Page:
Editorial: Trust keeps region snug
As an organisation, it doesn't have the highest profile, nor the catchiest name.
But the South Canterbury Lines Trust does an astonishing amount to improve the lives of the people in our community.
The trust has a 40 per cent share in our local lines company, Alpine Energy, and a mandate to return 90 per cent of its profits to power consumers.
Most of us will notice when we receive our annual lines trust payout on our power bill; given those bills never seem to get any smaller, any contribution is welcome, and this year's average payout of $46.44 will help.
However, that contribution is a bit like the Biblical tale of giving a man a fish. It means there's something for dinner that night, but doesn't deal with the next night, or the one after that.
This is where the trust's more significant investment in our community comes into its own, through its Healthy Homes project.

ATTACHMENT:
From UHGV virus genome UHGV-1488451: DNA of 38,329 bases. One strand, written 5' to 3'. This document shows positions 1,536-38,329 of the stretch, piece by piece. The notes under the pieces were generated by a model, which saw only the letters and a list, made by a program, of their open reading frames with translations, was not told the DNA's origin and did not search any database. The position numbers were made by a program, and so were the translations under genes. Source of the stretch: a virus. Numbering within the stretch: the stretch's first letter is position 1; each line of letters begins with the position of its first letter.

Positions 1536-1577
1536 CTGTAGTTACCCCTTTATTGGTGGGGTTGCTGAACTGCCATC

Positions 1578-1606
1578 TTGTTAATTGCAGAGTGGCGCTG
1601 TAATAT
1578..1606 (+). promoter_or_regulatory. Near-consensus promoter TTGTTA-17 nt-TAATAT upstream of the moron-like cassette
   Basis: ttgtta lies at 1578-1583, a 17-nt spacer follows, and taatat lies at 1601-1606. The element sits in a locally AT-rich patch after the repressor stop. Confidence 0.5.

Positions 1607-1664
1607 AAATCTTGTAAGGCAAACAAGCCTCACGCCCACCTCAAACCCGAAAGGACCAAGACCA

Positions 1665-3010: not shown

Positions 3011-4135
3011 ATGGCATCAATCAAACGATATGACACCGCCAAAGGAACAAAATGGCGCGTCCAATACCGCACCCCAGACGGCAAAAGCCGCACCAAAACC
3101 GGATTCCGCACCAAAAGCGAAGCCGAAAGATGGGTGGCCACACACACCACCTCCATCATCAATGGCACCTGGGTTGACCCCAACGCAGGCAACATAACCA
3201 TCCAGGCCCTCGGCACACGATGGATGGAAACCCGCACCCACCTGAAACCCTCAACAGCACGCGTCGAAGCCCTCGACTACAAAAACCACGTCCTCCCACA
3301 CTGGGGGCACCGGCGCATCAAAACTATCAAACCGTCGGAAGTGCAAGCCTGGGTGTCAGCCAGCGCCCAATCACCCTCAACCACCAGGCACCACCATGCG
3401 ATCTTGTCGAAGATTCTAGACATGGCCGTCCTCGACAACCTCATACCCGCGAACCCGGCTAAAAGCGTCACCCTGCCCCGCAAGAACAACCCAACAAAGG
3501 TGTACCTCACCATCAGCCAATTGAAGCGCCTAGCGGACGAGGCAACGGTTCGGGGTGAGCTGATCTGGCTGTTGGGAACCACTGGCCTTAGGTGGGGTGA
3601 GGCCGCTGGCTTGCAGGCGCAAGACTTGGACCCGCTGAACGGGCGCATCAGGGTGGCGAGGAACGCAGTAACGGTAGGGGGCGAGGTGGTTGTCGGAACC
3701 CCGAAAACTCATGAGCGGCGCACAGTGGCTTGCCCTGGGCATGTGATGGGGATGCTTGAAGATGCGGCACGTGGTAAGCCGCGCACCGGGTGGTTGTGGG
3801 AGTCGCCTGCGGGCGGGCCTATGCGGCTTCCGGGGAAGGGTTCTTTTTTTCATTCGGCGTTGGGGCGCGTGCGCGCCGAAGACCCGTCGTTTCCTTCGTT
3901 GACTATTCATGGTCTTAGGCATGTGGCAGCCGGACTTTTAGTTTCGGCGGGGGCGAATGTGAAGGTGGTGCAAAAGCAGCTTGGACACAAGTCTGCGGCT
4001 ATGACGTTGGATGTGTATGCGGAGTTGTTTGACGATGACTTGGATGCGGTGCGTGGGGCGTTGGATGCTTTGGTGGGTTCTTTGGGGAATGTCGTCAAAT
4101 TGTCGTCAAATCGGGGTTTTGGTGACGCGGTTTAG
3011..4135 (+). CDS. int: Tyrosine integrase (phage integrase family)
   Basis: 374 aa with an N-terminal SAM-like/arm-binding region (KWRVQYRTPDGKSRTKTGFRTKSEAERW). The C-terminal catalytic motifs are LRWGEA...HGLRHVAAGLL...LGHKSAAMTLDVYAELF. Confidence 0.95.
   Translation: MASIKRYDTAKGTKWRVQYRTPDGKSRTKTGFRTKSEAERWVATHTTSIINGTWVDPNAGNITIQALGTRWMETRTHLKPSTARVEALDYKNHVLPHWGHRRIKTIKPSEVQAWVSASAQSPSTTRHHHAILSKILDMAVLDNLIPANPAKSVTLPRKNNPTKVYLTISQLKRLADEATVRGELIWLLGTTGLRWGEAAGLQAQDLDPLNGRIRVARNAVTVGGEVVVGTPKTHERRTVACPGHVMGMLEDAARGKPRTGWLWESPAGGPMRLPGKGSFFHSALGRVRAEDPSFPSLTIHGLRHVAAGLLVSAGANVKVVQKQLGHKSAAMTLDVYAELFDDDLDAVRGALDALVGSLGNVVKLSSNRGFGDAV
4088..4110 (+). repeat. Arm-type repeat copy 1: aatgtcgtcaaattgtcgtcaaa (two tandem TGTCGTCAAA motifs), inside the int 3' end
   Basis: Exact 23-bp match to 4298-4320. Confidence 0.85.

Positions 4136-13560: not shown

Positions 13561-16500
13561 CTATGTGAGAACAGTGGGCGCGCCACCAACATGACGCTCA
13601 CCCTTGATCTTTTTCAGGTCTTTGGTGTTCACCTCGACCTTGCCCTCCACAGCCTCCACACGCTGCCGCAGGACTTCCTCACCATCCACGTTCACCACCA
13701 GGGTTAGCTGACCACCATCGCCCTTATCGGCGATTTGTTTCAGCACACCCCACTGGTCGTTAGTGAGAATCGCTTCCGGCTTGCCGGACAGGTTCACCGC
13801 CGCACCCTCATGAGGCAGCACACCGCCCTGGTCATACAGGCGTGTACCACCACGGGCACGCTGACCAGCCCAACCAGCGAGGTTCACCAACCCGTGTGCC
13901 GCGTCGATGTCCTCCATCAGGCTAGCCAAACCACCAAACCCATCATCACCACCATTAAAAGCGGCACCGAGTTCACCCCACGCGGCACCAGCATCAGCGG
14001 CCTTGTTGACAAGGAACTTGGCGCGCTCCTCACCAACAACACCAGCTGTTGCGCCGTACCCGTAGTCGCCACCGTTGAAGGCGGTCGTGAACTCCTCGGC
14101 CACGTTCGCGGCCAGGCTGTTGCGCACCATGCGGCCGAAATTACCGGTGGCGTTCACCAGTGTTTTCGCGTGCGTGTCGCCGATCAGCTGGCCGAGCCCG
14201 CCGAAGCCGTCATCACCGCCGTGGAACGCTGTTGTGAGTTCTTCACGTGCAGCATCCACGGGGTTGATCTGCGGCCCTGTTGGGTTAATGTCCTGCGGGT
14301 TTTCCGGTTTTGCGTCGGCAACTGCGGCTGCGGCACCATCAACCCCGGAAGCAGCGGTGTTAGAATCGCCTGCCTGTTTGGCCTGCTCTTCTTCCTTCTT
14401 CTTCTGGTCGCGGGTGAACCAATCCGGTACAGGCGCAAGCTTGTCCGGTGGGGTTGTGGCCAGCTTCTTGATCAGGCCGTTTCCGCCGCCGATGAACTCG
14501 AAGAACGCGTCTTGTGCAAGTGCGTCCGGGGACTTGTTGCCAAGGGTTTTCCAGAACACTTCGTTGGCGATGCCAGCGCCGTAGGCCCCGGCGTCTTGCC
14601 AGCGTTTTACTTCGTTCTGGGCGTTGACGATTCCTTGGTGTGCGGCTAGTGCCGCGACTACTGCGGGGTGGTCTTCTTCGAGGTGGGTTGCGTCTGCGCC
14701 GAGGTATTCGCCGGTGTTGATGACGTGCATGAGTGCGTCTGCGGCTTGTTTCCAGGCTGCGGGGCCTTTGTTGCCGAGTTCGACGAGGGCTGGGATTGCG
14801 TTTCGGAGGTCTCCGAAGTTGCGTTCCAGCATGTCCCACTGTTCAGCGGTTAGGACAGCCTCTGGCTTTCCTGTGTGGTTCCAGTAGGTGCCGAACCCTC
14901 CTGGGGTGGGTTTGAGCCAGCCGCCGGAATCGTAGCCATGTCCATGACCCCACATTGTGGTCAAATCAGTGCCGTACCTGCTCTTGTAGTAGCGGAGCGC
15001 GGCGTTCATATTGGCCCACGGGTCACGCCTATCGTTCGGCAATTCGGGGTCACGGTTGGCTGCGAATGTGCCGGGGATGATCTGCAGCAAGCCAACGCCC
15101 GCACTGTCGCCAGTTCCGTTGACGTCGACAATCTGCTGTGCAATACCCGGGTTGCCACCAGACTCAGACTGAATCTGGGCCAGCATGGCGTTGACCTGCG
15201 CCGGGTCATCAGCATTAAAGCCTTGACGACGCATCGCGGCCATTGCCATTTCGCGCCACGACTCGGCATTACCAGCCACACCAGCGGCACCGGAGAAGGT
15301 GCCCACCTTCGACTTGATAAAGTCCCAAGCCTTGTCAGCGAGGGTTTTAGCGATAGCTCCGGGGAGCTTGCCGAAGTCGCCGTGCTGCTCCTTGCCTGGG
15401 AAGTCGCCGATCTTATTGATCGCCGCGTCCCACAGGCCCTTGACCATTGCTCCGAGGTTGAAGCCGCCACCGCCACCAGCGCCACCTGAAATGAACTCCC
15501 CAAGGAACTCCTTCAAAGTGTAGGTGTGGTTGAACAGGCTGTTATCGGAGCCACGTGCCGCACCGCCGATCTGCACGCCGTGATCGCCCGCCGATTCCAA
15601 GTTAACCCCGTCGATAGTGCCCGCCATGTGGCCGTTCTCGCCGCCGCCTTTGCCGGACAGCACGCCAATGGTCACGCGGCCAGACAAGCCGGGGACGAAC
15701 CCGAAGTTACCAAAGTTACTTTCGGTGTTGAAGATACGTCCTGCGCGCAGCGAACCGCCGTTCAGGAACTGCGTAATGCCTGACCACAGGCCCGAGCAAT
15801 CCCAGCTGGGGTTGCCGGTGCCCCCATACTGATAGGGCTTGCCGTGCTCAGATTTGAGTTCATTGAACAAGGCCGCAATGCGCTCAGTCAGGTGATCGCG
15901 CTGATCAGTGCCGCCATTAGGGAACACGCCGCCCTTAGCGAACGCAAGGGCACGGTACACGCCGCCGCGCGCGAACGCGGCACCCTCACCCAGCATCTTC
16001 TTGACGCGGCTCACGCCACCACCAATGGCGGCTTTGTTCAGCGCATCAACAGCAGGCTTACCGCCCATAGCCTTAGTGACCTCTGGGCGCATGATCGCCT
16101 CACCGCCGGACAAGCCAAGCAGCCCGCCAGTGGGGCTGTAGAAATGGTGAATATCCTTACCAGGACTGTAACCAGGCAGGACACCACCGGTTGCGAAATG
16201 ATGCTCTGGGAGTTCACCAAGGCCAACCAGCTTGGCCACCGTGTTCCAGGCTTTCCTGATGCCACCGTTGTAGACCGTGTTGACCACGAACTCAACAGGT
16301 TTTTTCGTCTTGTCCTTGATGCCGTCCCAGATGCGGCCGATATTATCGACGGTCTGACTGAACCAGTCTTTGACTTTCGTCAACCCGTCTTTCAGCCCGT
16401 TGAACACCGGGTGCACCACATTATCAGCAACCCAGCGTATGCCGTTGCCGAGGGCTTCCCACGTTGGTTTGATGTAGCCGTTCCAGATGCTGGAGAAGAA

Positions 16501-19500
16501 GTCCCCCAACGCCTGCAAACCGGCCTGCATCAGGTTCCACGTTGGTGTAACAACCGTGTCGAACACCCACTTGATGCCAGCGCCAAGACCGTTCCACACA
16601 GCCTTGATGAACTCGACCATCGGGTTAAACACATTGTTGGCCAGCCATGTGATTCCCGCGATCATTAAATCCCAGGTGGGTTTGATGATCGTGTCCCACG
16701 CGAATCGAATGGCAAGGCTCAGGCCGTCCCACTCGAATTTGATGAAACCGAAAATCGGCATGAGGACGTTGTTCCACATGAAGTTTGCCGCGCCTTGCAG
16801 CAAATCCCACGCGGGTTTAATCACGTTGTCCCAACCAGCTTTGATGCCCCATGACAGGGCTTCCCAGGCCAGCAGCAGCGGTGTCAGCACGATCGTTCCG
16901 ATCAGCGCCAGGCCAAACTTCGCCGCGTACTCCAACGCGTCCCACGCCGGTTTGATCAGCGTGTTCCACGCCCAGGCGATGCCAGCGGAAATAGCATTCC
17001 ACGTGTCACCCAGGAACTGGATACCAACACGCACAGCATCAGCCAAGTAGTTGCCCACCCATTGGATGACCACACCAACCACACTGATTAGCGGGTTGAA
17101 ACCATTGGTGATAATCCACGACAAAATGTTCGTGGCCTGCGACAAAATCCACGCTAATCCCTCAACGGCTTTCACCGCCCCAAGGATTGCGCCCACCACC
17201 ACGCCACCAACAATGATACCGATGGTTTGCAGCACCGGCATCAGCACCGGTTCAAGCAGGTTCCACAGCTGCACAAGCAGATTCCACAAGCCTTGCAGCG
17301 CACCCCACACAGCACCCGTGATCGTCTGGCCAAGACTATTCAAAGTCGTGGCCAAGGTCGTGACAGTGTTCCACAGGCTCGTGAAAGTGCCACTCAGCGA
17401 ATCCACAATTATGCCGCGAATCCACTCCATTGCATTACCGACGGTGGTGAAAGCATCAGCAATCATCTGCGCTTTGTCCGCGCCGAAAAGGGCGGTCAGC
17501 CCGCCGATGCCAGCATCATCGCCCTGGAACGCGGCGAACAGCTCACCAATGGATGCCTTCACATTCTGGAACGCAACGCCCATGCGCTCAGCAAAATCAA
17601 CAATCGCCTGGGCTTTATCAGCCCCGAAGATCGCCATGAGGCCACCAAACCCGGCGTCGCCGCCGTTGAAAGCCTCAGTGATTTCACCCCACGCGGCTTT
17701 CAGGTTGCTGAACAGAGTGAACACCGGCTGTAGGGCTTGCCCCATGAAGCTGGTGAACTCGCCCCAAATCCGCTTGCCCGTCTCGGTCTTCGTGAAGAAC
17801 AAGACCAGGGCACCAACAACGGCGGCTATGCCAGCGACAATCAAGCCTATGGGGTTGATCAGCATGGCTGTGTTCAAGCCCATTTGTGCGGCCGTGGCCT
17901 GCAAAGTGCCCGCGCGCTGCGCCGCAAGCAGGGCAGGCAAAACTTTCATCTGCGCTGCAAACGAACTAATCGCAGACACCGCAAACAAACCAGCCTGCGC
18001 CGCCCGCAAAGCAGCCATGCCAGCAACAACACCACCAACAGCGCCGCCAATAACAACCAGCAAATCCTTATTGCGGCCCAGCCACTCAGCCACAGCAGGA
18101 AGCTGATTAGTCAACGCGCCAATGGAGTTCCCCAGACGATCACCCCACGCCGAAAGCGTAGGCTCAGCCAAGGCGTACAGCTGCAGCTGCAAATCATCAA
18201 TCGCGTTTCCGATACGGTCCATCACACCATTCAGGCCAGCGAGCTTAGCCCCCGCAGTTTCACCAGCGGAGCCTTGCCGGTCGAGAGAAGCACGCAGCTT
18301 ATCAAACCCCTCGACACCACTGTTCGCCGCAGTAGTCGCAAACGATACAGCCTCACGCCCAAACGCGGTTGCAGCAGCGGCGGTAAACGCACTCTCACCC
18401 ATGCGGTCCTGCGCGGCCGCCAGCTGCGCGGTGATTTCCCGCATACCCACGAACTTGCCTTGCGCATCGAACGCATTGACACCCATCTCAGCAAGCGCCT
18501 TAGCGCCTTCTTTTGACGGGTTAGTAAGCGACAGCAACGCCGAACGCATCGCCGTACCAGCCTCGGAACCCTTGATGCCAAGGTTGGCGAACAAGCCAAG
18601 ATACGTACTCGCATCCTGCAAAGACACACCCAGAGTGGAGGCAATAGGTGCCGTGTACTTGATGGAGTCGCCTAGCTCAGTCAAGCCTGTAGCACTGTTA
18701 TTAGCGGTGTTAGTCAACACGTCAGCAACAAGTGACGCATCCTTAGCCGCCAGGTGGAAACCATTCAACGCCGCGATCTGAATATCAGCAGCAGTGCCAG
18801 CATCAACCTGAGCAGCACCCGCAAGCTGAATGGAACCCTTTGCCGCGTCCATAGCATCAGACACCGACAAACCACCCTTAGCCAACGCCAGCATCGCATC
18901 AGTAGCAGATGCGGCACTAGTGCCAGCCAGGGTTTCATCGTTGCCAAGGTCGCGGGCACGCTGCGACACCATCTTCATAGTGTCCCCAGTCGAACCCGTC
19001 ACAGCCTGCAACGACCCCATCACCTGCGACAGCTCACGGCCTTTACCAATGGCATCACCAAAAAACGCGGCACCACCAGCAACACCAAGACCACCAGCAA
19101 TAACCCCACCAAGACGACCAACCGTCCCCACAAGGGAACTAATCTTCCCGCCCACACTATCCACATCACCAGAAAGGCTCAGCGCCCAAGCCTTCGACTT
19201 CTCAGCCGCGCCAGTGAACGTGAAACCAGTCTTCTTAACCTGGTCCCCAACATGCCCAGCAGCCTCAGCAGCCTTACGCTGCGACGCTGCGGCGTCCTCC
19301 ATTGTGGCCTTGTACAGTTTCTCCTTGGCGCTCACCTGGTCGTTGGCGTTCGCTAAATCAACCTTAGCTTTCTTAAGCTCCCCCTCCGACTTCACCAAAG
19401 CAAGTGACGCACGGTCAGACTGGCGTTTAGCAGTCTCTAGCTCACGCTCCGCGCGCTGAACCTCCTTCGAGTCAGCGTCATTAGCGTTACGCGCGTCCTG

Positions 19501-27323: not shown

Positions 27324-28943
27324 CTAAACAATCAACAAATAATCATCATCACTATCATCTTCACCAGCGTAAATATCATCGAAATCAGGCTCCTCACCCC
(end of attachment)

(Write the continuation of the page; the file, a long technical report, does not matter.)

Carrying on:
Last week, the trust announced that it aimed to insulate 400 South Canterbury homes over the coming year. That is a lot of households, and a lot of families living in warmer, drier, easier-to-heat homes.
The trust will invest $250,000 this year. With help from the government's Energy Efficiency and Conservation Authority and the South Canterbury District Health Board, as trust chairman Grant Eames says, that money will go a long way.
The lines trust will also run a ballot, offering up 60 chances to have the insulation package installed free.
What is even more impressive is the fact that this year's 400 homes will bring the total number insulated through the trust's efforts to 4000.
That really is a lot of warmer, healthier homes that shouldn't be as difficult or costly to heat - and keep heated.
And much of that work has been directed at those homes where it is needed most. Much of the work comes through referrals from the district health board and other organisations.
This, then, is the trust's fishing lesson, and a credit to those farsighted trustees who have taken their responsibilities to their community to heart, These homes, and the families who live in them, should reap the benefits for years to come.
The Timaru Herald